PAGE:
concrete ships
October 13, 2005 1:49 AM   Subscribe

Concrete Ships Toward the end of the First World War, and during the Second World War, the United States commisioned the construction of experimental concrete ships.
posted by dhruva (25 comments total)
I was in Cape May this summer. I saw the Atlantus and I have to say it was spectacularly underwhelming. The history is really cool. The sight isn't.
posted by srboisvert at 1:56 AM on October 13, 2005

Thanks srboisvert. I had a vague recollection of seeing the wreck of a concrete ship somewhere in NJ when I was a kid. Seeing your photo brought the memory back in full.

A concrete ship. Madness.
posted by three blind mice at 2:08 AM on October 13, 2005

Well that April Fool got a little out of hand, didn't it?
posted by NinjaPirate at 2:15 AM on October 13, 2005

The students in the building next door to mine build the darn things every year and race in them.

So, it's not implausible.
posted by rockabilly_pete at 2:21 AM on October 13, 2005

pykrete is neat stuff, there are still sometimes ideas to use it for cruise ships,
posted by CeruleanZero at 2:26 AM on October 13, 2005

There is a wreck of a concrete ship in Galveston Bay, Galveston, Texas, named the S.S. Selma.

As rockabilly_pete points out, the use of concrete for shipbuilding comes up among engineering classes with great regularity, part out of the seemingly contradictory statement "build a boat out of concrete."

A quick search turns up quite a few websites out there dedicated to the serious pursuit of this...
posted by aldus_manutius at 3:57 AM on October 13, 2005

Until a few years ago, there was a concrete catamaran sailboat moored at the pier in Newburyport, MA. I believe it sank in a northeaster.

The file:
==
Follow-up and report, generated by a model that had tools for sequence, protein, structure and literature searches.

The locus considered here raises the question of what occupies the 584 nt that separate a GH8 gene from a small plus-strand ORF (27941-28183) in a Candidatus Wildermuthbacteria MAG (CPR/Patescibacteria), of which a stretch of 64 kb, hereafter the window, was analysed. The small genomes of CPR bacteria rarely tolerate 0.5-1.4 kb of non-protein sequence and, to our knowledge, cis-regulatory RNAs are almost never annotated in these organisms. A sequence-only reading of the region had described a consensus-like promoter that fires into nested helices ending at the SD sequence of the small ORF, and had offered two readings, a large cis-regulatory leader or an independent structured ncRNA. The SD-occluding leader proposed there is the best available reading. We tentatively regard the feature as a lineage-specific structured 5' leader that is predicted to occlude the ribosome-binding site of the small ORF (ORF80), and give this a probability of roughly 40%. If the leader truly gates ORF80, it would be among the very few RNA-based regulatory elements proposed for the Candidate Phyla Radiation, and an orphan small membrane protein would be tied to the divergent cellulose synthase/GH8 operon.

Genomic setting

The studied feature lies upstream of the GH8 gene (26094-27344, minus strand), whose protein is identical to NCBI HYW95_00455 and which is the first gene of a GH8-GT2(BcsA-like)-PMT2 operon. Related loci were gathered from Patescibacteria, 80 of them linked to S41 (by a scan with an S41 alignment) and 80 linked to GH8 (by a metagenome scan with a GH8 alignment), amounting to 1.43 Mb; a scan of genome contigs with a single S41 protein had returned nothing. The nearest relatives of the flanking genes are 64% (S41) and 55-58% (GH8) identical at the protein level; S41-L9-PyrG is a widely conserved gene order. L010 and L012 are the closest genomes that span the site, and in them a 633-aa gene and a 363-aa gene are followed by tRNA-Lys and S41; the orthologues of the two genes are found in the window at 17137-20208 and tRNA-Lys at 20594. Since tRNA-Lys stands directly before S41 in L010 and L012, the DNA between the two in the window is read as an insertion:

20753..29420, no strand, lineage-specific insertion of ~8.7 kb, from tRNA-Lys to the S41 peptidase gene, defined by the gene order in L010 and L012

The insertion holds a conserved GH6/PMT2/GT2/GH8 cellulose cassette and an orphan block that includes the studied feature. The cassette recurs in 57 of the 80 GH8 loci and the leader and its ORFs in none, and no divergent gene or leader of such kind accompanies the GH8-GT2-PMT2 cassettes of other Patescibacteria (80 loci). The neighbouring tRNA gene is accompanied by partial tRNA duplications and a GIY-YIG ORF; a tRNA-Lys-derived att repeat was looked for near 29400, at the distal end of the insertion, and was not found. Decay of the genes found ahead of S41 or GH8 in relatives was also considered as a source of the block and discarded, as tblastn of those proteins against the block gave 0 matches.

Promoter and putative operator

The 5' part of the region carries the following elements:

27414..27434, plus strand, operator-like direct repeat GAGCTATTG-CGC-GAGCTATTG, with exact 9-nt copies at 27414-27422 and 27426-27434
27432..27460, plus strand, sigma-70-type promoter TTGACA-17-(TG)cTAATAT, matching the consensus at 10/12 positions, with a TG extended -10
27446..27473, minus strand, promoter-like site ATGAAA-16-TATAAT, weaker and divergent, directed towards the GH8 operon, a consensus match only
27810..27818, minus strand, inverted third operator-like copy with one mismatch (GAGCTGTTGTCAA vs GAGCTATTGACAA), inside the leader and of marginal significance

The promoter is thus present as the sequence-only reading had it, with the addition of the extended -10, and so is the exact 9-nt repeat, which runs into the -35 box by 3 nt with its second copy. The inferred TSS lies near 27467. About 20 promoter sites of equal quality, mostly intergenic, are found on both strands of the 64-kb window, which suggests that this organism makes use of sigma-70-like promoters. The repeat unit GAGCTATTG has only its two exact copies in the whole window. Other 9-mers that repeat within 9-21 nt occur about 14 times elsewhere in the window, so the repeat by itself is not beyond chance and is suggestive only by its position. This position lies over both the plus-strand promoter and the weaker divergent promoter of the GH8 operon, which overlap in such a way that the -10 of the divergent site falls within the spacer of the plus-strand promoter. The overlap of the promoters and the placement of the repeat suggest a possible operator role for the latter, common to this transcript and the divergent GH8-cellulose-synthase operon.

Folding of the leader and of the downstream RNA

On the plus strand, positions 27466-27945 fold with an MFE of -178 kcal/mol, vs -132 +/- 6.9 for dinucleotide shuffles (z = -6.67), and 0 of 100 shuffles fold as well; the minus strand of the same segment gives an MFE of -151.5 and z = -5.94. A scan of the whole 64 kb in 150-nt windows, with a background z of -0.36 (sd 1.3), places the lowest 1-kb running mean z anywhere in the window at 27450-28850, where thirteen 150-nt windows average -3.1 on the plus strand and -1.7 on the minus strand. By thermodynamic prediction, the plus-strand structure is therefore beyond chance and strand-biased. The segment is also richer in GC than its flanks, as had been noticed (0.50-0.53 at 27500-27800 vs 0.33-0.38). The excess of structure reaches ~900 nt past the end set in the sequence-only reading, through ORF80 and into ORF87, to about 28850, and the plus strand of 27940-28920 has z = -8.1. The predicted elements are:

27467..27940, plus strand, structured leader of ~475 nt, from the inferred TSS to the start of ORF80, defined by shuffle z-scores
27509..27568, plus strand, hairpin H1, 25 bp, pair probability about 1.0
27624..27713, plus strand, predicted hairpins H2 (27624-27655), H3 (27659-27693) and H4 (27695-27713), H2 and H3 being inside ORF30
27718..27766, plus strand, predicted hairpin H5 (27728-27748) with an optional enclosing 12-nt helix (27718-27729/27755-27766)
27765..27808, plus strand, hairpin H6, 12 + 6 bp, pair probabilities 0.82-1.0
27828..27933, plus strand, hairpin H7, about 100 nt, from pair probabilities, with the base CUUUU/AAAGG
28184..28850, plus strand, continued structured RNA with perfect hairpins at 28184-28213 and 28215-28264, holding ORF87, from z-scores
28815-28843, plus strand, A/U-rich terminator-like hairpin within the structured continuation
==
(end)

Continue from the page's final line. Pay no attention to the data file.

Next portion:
Then there are concrete canoes.
posted by Kirth Gerson at 4:01 AM on October 13, 2005

Ahem. I have a distinct memory of helping build a concrete sailing ship as a youngster.

It's a strong and relatively light building material that can be easily shaped into almost any form.

But hey, don't let that get in the way of your "stones don't float" mindset.
posted by spazzm at 4:03 AM on October 13, 2005

Floating is easy. Flexing is problematic.
posted by srboisvert at 4:40 AM on October 13, 2005

I thought that this post might be about the concrete battleship.
posted by Tullius at 5:28 AM on October 13, 2005

Indeed, just cruising around that site I came upon this:

"Tragically, on October 30, 1920, the Cape Fear collided with another ship, the City of Atlanta and "shattered as if a teacup was hit." She sank in three minutes and took 19 of her crewmen with her."

Flexing is the hard part.
posted by OmieWise at 5:29 AM on October 13, 2005

Concrete submarines are also quite interesting. Heinz Lipschutz's U-Plane idea from the late 1920's is seeing renewed interest with Russian research into "C-Subs". New flexible concrete designs could also enhance the ability for these C-subs to deal with pressure at depths other subs cannot reach.